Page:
Category Archives: War film

‘Broadsword calling Danny Boy’: In praise of Where Eagles Dare

Like a quick and dirty mission behind enemy lines, last weekend I polished off Geoff Dyer’s love letter to the 1968 war thriller, Where Eagles Dare, ‘Broadsword Calling Danny Boy’.

It is a strange little essay. Not really a monograph, because it tells you very little about the making and impact of the film, the things a monograph usually does, and more an extended meditation on why it is such a great action film and the culture milieu into which it was born. A milieu that Dyer grew up in and which was pretty similar for a boy in Australia in the 1970s when I was growing up.

One of my favourite things about Dywer’s essay was the various cultural associations and memories it aroused. The war had only been over for a quarter of a century and, looking back then, it still felt strangely present, like it was not quite ‘history’ in the way it is now; war films were big business and our parents unselfconsciously took us, often at a very young age, to see them; newsagents were full of those graphic Sven Hassel paperbacks; we lived on British comics that were full of German soldiers barking basic English; and, the must have toy was a GI Joe, who amongst his many uniforms, could be dressed as a German soldier.Read more

Hornet’s Nest

If you’re a regular reader of this site, you’ll know that I have a lot of work coming out in the next few months. That means a lot of shilling from yours truly about my wares, on this site and my various social media feeds. It is unavoidable.

But amidst all the sales talk and my other commitments, I don’t want to forget why I originally started this site, reviewing books and films that take my fancy. Seriously, I miss bullshitting about this stuff with you all. Then it occurred me, the answer is shorter, sharper reviews, less formal, more stream of consciousness, fun to write and (hopefully), read. Obvious, I know, don’t know why it took me so long to realise it.

So, first up in the new regime of reviewing, Phil Karlson’s terrific 1970 revisionist World War II noir film, Hornet’s Nest. I first watched Hornet’s Nest with my folks, when it showed on a Sunday night on TV way back in the late 1970s. I can’t remember what I made of it then, but I sure as hell liked it when I re-watched it recently.

A detachment of US paratroops is dropped behind German lines in Italy to blow up a major dam and, thus, disrupt German troop movements ahead of a major allied offensive.… Read more

Lee Marvin: 10 essential films

Prime CutThe iconic American actor, Lee Marvin was born today, February 19, 1924. To celebrate the occasion, my latest piece for the British Film Institute looks at his 10 essential movies.

You can check out the piece in full here at the British Film Institute site.

The 50th anniversary of Gillo Pontecorvo’s The Battle of Algiers

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The most disturbing aspect of viewing Gillo Pontecorvo’s The Battle of Algiers half a century after its release is how familiar the images of the civil conflict involving Western soldiers in an Arab country now feel.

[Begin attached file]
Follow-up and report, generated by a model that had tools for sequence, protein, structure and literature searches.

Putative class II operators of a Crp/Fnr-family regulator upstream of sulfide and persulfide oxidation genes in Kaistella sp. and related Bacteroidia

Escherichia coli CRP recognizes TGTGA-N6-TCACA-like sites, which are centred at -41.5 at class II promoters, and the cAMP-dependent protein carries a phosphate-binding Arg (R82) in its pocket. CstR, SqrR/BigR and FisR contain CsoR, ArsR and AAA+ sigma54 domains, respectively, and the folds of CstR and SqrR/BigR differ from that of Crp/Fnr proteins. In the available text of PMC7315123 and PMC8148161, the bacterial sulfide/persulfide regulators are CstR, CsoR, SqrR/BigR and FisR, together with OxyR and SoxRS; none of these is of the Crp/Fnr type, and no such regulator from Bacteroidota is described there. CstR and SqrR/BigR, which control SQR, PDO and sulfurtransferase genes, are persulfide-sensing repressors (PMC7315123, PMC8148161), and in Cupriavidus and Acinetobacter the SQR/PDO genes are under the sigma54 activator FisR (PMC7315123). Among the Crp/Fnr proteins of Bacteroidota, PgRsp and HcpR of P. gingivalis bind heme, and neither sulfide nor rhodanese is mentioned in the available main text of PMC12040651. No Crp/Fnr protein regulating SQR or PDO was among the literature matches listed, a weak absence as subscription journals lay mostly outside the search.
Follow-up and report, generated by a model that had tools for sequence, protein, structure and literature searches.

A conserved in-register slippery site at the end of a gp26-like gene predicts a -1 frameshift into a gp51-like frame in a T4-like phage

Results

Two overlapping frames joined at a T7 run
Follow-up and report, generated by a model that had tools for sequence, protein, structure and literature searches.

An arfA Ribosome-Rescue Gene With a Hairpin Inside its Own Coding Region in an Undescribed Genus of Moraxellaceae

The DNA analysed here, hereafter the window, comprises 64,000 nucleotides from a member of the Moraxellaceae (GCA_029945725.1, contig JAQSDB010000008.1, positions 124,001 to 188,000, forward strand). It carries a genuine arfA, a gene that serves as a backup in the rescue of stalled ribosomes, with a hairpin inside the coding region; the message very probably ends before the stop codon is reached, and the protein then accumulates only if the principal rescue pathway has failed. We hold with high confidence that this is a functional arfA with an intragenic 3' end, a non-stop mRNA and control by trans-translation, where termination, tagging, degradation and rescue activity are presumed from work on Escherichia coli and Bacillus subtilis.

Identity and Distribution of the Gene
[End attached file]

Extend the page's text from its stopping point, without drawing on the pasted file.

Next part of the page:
The strange sense of familiarity kicks in from the very beginning, a small, dingy cell where white men in military uniform stand over an Arab male. The traumatised look on his face tells us the Arab has been tortured. That he has given his captors information against his will only adds to the pain and shame etched on his bruised features. His captors dress him in one of their uniforms and take him as they raid an apartment block, no doubt based on the information he has revealed. The soldiers identify a hidden section in one of the apartments where two men, a woman and a child hide. The soldiers wire it with explosives and threaten to detonate unless those hiding surrender.

A decade and a half of reportage on the West’s military involvement in the Arab world, particularly post the mass circulation of images from Abu Ghraib and Guantanamo Bay, and their pop culture reflection in countless movies and television series give Pontecorvo’s chilling iconography of civil strife and military repression an almost everyday feel.… Read more

The 10 essential films of Stanley Baker

Stanley Baker in Val Guest's 1960 thriller Hell Is a City.Welsh born actor Stanley Baker didn’t live to see his 50th birthday, but he left an impressive body of work. Like his friend Richard Burton, he escaped life as a coalminer for acting after a chance sighting in a school play by the casting director of Ealing Studios led to Baker’s first role in the 1943 war drama, Undercover. His rugged physique and hard grace meant he was most often cast as the tough guy in crime movies and spearheaded the evolution of the British film criminal from the gentlemen thief to more ruthless figures, often working-class, in films such Hell Drivers (1957), Joseph Losey’s The Criminal and Peter Yate’s 1967 heist film, Robbery.

Last weekend he would have been 88, were he still alive. To mark his career, I have a piece on the British Film Institute site looking at his 10 essential films. You can read it in full here.